Thursday, September 05, 2013

Market Fundamentalism and the Denial of Conflicts of Interest, and of Worse Offenses

While we often point out the pervasiveness of conflicts of interest in medicine and health care, and the likely ill effects of this state of affairs, it seems that the powers that be in health care tend to airily dismiss conflicts of interest as at most a minor problem that needs management (e.g., look here.) 

How Market Fundamentalist Ideology Nullifies the Concept of Conflicts of Interest

On the Hooked: Ethics, Medicine and Pharma blog, Dr Howard Brody discussed how application of the reigning orthodoxy in economics, sometimes called neoliberalism, market fundamentalism, or economism, can be used to dismiss the concept of conflicts of interest.

Basically, supporters of market fundamentalism et al seem to assume that all markets are idealized free markets, and that free markets are like a super computer combining all human thought to provide wisdom in the form of price information.  Furthermore, since the market is based on supposedly rational choices made by free individuals, one cannot go back to question such choices.

 So when, for example, an academic physician makes the "free choice" to accept thousands of dollars from a drug company as a "market consultant," and then also gives talks about clinical topics that happen to favor that drug company's products, such choices cannot be questioned.  Therefore, the notion that these choices constitute a conflict of interest, and that the choice to accept the drug company money in particular might increase the likelihood of abuse of the physician's entrusted responsibility to make the best decisions for individual patients, and to teach other physicians honestly and without bias, essentially makes no sense within this framework.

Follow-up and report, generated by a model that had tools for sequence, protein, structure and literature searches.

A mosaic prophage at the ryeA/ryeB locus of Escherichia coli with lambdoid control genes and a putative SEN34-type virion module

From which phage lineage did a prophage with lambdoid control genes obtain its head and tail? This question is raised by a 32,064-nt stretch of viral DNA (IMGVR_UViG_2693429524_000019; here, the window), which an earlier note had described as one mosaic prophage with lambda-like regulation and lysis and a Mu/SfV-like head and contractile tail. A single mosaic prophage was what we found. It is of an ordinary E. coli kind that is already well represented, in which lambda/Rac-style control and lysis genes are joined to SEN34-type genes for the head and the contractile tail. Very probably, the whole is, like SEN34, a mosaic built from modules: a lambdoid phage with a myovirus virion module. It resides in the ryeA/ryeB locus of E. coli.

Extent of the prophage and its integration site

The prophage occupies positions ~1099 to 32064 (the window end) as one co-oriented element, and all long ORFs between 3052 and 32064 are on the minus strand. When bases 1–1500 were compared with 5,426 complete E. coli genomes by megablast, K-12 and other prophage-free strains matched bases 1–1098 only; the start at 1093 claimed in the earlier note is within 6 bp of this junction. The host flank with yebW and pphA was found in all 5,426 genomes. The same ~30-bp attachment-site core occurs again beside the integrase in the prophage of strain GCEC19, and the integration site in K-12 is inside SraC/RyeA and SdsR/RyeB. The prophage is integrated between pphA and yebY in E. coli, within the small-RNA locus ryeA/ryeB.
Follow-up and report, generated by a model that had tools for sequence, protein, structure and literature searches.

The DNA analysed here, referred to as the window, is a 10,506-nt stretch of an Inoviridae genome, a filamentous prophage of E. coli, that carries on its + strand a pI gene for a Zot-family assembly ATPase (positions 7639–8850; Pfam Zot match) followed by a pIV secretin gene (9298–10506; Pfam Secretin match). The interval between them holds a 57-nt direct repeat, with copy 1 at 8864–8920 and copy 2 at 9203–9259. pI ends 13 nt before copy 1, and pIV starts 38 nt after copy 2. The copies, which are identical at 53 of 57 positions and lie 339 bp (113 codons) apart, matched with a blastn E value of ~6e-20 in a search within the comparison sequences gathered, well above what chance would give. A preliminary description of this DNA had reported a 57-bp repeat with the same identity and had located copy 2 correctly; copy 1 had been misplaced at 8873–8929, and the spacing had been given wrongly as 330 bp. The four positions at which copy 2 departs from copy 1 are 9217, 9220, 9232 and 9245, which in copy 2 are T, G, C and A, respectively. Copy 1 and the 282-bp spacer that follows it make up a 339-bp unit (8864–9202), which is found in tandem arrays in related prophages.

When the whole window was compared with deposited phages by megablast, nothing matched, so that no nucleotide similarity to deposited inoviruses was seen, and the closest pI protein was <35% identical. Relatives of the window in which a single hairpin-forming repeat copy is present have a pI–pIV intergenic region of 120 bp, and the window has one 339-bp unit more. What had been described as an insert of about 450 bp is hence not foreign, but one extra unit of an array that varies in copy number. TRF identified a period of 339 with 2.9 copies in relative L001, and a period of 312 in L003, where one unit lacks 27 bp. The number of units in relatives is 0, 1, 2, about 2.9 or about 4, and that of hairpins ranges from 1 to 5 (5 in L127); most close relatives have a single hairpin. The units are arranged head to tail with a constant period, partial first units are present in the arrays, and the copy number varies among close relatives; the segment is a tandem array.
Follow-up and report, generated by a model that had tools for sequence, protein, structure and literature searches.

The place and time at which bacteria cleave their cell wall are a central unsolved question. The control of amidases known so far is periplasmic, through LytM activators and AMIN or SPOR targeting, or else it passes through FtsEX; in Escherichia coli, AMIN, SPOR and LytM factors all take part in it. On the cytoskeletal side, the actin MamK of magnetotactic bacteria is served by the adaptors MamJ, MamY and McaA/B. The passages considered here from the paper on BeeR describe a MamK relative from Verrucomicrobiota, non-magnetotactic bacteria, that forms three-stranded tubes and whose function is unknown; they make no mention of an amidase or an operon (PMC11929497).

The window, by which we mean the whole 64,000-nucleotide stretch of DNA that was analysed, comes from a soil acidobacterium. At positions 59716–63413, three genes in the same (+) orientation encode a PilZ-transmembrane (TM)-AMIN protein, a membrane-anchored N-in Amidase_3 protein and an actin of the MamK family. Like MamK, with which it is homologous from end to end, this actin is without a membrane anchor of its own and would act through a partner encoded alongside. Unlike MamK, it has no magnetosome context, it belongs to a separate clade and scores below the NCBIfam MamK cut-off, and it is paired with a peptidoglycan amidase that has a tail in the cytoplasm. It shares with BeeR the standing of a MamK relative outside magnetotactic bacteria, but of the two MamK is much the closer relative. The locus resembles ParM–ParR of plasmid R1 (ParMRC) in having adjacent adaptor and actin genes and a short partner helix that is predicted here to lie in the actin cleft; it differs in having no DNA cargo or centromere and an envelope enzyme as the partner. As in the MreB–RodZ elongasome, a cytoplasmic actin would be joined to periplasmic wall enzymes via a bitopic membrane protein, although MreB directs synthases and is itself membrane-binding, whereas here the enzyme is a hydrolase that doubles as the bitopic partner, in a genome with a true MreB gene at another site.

Dr Brody further enlarged on the internal contradictions within the ideology of neliberalism/ market fundamentalism/ economism, in another post on his Economism Scam blog.

Of course, the ideology seems to ignore the possibilities that 1) people's choice may not be free, may not be rational, and may not be based on coldly rational cognition and the best possible knowledge; and 2) one person's economic choice may limit another person's choices, or directly harm another person.

 By Extension, Fraud and Corruption Denialism

Furthermore, not only does neoliberalism et al seem to deny the existence of meaningful conflicts of interest, it also could be used to deny the meaningful existence of deceptive marketing, of market domination through oligopoly or monopoly, and then of outright fraud, bribery, and extortion. 

See for example how former US Federal Reserve chairman Alan Greenspan seemed to deny the existence of fraud, which he asserted would always be nullified by the ideal market.  As we posted here, according to an article in Stanford Magazine,  Greenspan told Ms Brooksley Born, the federal regulatory agency head who tried to develop some effective regulation of financial derivatives,

'Well, you probably will always believe there should be laws against fraud, and I don’t think there is any need for a law against fraud,' she recalls. Greenspan, Born says, believed the market would take care of itself.

By further extension, market fundamentalism could be used to deny the evils of chattel slavery.

The Conflicted as Defenders of Conflicts of Interest

Finally, notice that neoliberalism/ market fundamentalism/ economism ideology seems to have conveniently been adopted by pundits, both in economics and in medicine and health policy who may be personally profiting from conflicts of interest on one hand, and whose conflicts seem to arise from payments from large corporations whose management seem to be personally profiting even more so.